One simple thing is that we have an enormous body of open source code to draw upon, kernels and web servers and compilers and languages and applications for all kinds of tasks. These can be studied by students everywhere, and anybody can review and improve the code, and with rare exceptions they can be freely used by businesses. Vast new areas of territory open up every few years and are turned to profitable development.

In terms of concurrent programming, we've accumulated a huge amount of wisdom and experience. We know now what patterns work and what patterns fail, and when I forget, I can do a search on Stackoverflow or Google to remind myself. And we now embed that experience into the design of our languages, for instance, message queues as inter-thread communication in JavaScript.

Testing and QA is an area of huge progress over the last 20 years. Ad hoc random manual tests, usually written as an afterthought by the developer, were the norm when I began my career, and many managers frowned upon "excessive" testing that we would now consider barely adequate. Now we have solid widespread expertise about how to write and manage bug reports and organize workflows to resolve them. We have test-driven development and test automation and unit testing and continuous integration. If I check in bad code today, I break the build, suffer a bit of public humiliation, and fix it quickly so my co-workers can get on with their work.

I miss the simplicity of the past, and the feeling of membership in a priesthood, but it's still better to work in a field that can have a real positive impact on human life. In today's work environment that impact is enormously more feasible.

Sunday, April 13, 2014

The whole Heartbleed thing

Lots of times, these reports are much more about theoretical possibilities than real events. The nature of this vulnerability is that attackers can get peeks at blocks of memory in servers. That memory is changing all the time as the server is doing stuff. It's a possibility that the block of memory happens to have a copy of your password or other information when the attacker grabs it.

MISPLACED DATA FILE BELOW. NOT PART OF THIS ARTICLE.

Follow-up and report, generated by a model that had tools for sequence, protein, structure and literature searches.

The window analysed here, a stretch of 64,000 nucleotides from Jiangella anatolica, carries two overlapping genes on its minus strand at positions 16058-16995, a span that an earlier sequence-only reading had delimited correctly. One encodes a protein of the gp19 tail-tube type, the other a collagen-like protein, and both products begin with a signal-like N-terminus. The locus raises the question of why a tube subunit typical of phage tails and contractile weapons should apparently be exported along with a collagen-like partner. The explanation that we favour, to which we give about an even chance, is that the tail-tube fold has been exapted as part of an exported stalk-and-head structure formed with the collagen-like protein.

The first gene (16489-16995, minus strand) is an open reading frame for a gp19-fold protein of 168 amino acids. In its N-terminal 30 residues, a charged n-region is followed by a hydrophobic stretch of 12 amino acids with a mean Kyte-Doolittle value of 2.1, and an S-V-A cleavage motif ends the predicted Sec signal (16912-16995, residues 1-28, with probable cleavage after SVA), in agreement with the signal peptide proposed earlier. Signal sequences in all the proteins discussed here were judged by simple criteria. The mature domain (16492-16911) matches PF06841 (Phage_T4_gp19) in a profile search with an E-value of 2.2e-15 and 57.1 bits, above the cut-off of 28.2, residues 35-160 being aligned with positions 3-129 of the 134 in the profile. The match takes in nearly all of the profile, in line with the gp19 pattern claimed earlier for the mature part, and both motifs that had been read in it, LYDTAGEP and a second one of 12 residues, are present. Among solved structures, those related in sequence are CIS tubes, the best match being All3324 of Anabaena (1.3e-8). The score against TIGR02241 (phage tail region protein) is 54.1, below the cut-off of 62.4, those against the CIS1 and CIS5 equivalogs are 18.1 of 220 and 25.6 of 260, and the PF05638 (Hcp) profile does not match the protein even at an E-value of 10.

Criminals who do these kinds of attacks will act on anything they find very quickly, because they know that victims will respond quickly by changing passwords, shutting off credit cards, etc. They would leave evidence if it had happened in any significant numbers, and there are places you could reliably find that evidence discussed (Bruce Schneier's blog, the EFF website) and the only mention is that certain big government agencies probably exploited the vulnerability, but it appears criminals probably haven't done so. The vulnerability existed for two years before it was publicly announced.

So the NSA has your passwords, but they probably had them anyway. The big question is, what information do you feel you MUST protect? Financials: online banking stuff, or credit card stuff, or your Paypal account, or the online access to your IRA or H&R Block. Medical: your doctor's patient portal website, any logins you have with hospitals or medical centers. Dating websites? Sexual fetish websites? I think I've exhausted the limits of my paltry imagination.

Those would be good passwords to change. You probably don't need to change your Facebook password, unless you're worried that NSA employees will get drunk and trash your Farmville farm.

More information at http://heartbleed.com/ but it tends to run to the rather technical. You can test any website's vulnerability using the tool at http://filippo.io/Heartbleed/.

Heartbleed is a buffer exploit, illustrated at http://xkcd.com/1354/. You tell the server you want some information which should be X letters long, but you ask for a much larger X, so that you get extra information from the server memory following what you asked for. The extra information might contain passwords and other profitable secrets.

Buffer exploits have been understood for years. What is supposed to happen is that the server's software should reject the too-large X value, but this stuff is programmed by fallible humans. Here is a very good (but pretty technical) explanation of the programming mistake.